HOW BUNKY GOT HIS NAME!
When Karen Ridd first began to mentor me in the art of therapeutic clowning at SickKids, I was very worried I might not find the ‘right’ name for my newborn therapeutic clown. Through several visualization exercises and journaling it came to me – Bunky was just the right name for my new friend.
The ‘bunky’ was the little cabin or ‘play space’ in the woods where my brothers, sister and cousins and I could go for our play at the end of the school year. Out of the city and up to the lake house was where my family would go; where freedom of play, adventure and the imagination was encouraged. I was permitted by my parents to head outside, where we youngsters banned the adults, and where just the kids could create and imagine other worlds and imaginary friends or nurture friendships with our summer neighbours until school began again. So, BUNKY was born in 1993 and the children at SickKids were offered many choices through their clown friend – even betting on whether Bunky was a boy or a girl!
Yes, Bunky is a ‘real’ character/persona to his friends in hospital. While perhaps a little slow in his understanding of the world of hospital where he lives, he exudes compassion and caring, while at the same time loves being cared for by his patient friends. He loves colour, walks with a light swagger and is open to all the possibilities of mischief and imaginary play. Bunky has difficulty tying his shoelaces, often misplaces his toys, forgets where he is, or is supposed to be, and sometimes goes in and out of the wrong door when leaving a room, but his young friends find the solution to all these problems.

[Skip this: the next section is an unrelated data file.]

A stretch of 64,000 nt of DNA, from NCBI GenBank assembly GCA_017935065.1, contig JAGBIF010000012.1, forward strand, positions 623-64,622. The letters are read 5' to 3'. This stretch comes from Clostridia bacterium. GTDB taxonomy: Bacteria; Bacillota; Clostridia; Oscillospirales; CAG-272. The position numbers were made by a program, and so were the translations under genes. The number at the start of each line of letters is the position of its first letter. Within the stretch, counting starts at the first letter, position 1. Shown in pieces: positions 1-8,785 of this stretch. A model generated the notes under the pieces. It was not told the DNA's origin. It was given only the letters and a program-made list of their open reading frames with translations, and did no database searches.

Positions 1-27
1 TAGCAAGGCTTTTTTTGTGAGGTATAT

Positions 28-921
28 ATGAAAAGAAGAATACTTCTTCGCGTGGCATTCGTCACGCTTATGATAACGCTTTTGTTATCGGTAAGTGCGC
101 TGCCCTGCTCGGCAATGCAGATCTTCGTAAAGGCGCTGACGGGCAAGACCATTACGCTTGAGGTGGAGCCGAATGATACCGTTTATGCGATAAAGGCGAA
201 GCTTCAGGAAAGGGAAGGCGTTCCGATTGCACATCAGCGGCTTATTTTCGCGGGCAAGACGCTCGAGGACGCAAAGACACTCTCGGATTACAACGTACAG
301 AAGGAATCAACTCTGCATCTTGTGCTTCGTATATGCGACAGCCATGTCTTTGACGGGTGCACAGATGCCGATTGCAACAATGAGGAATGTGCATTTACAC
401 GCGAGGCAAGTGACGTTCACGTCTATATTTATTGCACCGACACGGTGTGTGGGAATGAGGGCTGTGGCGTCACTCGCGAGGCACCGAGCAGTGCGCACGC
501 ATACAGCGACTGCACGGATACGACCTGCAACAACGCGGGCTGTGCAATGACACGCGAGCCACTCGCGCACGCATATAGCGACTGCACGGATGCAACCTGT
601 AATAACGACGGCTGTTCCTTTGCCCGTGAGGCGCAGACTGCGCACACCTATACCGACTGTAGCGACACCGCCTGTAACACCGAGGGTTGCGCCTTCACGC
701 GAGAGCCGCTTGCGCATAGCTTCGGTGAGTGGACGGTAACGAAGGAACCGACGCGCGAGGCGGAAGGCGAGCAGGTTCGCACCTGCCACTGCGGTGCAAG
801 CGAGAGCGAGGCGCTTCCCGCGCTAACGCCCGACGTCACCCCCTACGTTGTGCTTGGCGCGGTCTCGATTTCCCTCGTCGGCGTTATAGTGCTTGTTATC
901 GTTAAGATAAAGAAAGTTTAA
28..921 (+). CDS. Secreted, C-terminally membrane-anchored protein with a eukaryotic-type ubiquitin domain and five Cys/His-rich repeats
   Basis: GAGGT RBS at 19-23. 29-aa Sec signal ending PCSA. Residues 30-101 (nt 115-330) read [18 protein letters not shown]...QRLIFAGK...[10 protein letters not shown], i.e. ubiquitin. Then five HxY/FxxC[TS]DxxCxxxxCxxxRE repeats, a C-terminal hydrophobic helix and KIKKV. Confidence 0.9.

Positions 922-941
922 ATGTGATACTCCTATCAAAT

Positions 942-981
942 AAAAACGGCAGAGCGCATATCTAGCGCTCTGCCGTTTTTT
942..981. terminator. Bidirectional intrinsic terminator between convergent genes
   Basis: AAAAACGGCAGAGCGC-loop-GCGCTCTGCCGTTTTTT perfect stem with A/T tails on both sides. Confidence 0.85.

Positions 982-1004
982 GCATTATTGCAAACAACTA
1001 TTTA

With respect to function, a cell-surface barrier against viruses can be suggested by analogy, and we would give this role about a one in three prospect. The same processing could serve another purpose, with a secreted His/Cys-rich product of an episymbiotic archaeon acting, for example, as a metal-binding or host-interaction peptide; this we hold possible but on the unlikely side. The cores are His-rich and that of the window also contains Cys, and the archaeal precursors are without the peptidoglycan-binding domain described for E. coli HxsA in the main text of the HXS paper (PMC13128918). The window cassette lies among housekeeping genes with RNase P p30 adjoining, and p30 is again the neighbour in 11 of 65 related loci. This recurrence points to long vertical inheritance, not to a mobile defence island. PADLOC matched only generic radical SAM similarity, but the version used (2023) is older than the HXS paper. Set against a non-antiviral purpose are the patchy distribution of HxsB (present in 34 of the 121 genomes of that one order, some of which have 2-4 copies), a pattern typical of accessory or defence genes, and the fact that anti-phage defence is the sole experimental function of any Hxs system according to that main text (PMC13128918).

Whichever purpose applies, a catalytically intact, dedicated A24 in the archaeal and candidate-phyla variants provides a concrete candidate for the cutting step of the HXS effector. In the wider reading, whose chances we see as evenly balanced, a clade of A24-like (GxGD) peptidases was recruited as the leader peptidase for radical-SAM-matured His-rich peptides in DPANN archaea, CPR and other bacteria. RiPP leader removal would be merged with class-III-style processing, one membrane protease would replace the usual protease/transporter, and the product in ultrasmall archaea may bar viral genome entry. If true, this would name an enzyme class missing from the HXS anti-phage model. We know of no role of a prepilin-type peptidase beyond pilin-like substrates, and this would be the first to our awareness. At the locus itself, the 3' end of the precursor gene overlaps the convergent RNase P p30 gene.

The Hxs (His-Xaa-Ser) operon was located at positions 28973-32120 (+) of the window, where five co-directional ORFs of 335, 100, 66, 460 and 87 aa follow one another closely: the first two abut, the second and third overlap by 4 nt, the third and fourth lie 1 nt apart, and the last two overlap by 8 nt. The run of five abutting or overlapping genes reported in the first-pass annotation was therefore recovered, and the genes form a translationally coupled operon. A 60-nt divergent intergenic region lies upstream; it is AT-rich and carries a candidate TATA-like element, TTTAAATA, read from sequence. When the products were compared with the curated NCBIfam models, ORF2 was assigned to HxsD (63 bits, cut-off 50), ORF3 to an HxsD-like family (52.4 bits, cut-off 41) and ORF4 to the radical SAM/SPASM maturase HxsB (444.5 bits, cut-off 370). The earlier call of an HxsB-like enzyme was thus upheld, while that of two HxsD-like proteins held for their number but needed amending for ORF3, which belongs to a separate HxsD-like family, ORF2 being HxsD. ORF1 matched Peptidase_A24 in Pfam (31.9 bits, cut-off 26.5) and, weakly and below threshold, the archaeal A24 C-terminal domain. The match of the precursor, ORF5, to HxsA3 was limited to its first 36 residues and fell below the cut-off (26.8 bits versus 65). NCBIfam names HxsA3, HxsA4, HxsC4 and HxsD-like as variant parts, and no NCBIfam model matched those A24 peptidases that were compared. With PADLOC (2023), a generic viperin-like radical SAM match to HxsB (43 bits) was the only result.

Bunky is non-verbal right up to the SARS epidemic when he was able to have his/her voice slowly brought back through an operation at SickKids. With light gibberish, sighs and deep breath, tapping feet and body language communicating with his friends and staff was natural and understood by all. Bunky has nurtured friendships through inclusive play throughout his life.
Bunky loves the colour yellow, walks with a light swagger and is open to all the possibilities of play at SickKids. Bunky has difficulty tying his shoelaces, often misplaces his toys, forgets where he is and sometimes goes in and out of the wrong door when leaving a room. While perhaps a little slow in his understanding of the world in which he lives, he truly loves to care and be cared for by his patient friends. Bunky is non-verbal using sometimes a little gibberish, sighs and breath, tapping feet and using body language as his way of communicating. Bunky has nurtured long-term relationships with patients, their families and staff for 18 years through his inclusive play, helping to empower his/her friends who are living with tremendous stress and anxiety.